The Wildfowl & Wetlands Trust (WWT) is primarily a conservation organization dedicated to saving wetlands, both for wildlife and for people.
It was founded in 1946 by Sir Peter Scott, who was both a naturalist and an artist. He bought the first wetland site for the trust he set up and dedicated his life to expanding the trust.
For many years he hosted a program on television about wildfowl and habitat preservation. The programs were a great hit with children, and an entire generation of English lovers of wildlife and the countryside owe their interest in part at least to those programs.
But as Sir Peter Scott recognized, it is not enough to see wildlife on television, and it was always part of his vision that Trust sites should not only be areas of conservation but also places where visitors could see wildlife.
The WWT now has nine visitor centers in the UK and has captive wildfowl collections from all over the world as well as benefiting from visiting flocks of wildfowl, some of which flocks number in their tens of thousands.
The Trust also does essential work internationally for the preservation of wetlands under the Ramsar Convention, which is an international treaty signed in Ramsar in Iran in 1971. Under that convention, various national agencies cooperate to preserve wetlands and the wildlife that depend on wetland ecosystems.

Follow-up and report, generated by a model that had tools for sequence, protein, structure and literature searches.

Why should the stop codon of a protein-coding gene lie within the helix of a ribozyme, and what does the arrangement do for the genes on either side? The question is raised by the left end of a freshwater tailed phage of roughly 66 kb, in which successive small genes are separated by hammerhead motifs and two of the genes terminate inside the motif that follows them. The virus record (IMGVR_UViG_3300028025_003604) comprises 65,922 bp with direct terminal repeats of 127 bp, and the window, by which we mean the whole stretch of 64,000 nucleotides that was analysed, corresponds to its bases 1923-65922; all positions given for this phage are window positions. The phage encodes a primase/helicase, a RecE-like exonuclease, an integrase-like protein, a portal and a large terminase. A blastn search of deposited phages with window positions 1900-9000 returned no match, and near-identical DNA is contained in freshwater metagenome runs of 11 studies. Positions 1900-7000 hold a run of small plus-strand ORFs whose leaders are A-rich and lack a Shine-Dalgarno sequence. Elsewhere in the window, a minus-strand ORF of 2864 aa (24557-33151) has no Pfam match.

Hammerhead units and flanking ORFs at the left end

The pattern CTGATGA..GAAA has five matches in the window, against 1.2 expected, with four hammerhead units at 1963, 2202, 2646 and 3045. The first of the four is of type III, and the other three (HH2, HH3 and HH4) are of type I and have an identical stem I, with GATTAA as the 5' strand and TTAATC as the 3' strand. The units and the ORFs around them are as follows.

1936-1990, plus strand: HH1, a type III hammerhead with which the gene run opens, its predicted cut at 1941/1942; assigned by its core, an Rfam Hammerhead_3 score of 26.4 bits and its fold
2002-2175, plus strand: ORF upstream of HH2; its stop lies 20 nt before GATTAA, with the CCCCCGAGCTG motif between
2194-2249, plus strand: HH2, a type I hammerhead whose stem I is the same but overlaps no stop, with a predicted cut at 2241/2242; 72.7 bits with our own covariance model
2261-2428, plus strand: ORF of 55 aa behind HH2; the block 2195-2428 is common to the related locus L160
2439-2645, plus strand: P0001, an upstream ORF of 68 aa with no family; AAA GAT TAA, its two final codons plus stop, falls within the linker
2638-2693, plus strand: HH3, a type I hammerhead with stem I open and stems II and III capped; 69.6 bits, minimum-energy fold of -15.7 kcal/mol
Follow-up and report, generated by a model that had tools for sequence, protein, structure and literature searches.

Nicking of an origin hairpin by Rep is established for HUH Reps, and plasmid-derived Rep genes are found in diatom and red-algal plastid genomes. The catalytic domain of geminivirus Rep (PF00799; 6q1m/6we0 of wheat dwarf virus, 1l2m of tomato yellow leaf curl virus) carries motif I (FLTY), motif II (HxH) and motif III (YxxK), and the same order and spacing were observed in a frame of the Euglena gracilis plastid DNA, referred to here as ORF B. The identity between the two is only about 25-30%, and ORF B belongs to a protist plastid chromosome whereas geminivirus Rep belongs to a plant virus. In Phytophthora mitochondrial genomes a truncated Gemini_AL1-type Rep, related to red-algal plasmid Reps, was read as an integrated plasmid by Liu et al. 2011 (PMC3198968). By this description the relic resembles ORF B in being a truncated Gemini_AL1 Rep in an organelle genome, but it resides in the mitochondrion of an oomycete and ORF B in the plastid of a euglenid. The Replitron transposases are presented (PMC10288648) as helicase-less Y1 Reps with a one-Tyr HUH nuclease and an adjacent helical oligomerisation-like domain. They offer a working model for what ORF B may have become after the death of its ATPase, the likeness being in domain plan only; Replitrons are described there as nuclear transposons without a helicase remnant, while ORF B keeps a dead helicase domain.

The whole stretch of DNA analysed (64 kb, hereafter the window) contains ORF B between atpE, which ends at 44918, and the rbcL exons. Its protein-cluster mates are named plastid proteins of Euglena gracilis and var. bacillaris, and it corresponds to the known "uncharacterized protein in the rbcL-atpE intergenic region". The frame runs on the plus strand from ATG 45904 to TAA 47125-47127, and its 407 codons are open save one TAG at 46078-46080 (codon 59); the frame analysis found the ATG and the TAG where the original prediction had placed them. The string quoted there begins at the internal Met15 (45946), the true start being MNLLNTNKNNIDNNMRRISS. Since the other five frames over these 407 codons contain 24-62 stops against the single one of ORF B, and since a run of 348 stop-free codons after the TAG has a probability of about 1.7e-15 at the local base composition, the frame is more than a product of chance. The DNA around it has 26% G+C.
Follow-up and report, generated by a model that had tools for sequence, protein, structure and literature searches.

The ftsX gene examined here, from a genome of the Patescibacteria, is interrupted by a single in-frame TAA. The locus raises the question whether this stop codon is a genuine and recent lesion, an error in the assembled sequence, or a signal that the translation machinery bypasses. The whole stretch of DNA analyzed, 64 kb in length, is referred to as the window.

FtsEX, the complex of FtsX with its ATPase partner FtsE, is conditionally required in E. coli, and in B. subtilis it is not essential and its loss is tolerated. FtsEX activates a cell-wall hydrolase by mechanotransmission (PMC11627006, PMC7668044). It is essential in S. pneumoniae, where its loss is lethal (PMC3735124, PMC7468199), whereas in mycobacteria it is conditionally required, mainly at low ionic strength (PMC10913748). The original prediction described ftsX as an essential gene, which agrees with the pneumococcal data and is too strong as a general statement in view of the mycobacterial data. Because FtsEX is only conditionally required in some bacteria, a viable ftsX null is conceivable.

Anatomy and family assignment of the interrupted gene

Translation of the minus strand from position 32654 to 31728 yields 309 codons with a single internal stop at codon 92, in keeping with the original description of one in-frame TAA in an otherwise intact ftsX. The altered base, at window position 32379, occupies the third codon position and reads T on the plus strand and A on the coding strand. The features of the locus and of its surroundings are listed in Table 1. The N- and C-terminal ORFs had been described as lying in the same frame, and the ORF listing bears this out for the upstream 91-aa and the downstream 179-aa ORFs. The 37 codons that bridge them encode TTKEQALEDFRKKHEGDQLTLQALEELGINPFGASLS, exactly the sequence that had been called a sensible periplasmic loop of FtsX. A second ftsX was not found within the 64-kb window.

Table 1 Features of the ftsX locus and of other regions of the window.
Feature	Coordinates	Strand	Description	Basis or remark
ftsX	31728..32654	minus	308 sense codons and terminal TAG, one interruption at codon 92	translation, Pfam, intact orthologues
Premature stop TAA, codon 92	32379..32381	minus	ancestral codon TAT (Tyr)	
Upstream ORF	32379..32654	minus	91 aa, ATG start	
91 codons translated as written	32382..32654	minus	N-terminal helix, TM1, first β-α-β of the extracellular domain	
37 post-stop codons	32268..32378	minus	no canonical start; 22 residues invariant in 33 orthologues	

Martin Mere Wetland Centre is one of the nine WWT sites in the United Kingdom and is situated about five miles from the coast in Lancashire in the North of England, facing the Irish Sea.
It is formed around a series of meres or shallow lakes, which are home for the season to thousands upon thousands of wildfowl.
At the moment (December 2008) there are over 6,000 Pinkfoot Geese and over 1,000 Whooper swans overwintering at Martin Mere.
The Whooper swans will leave in March and fly to Iceland for the summer. It is well known that they fly the same route year after year, but their precise route is not known. And therein lies the story.
Because there are more and more wind farms being built along their route, the swans are colliding with them. So the WWT and the wind farm development companies are working together to work out where the wind farms should be situated so as to minimize the risk of collisions.
And in order to find out what the precise route of the migrating Whooper swans is, the WWT has fitted transmitters to the backs of some swans.
For their flight at migration time, every bit of extra weight puts the swans at risk. So in order to be at their optimum weight for the flight, Whooper swans stop drinking for a period before they begin their annual migration.
The Ideal Weight
Some birds weigh 12kg (26lbs) or more, and I guess that like me, you would think that bigger birds are stronger and more likely to make a successful flight. The staff at the Wildlife Centre know, however, that a bird that weighs about 10kg (22lbs) is most likely to make the journey successfully.
The shot of this swan was taken in very poor light at dusk. And it is a nice snippet of information to know that in all probability the swan weighs about 10kg.
Whooper swan at Martin Mere with transmitter fitted
This is the link to the Wildfowl and Wetland Trust site
(note that the link opens in new browser window).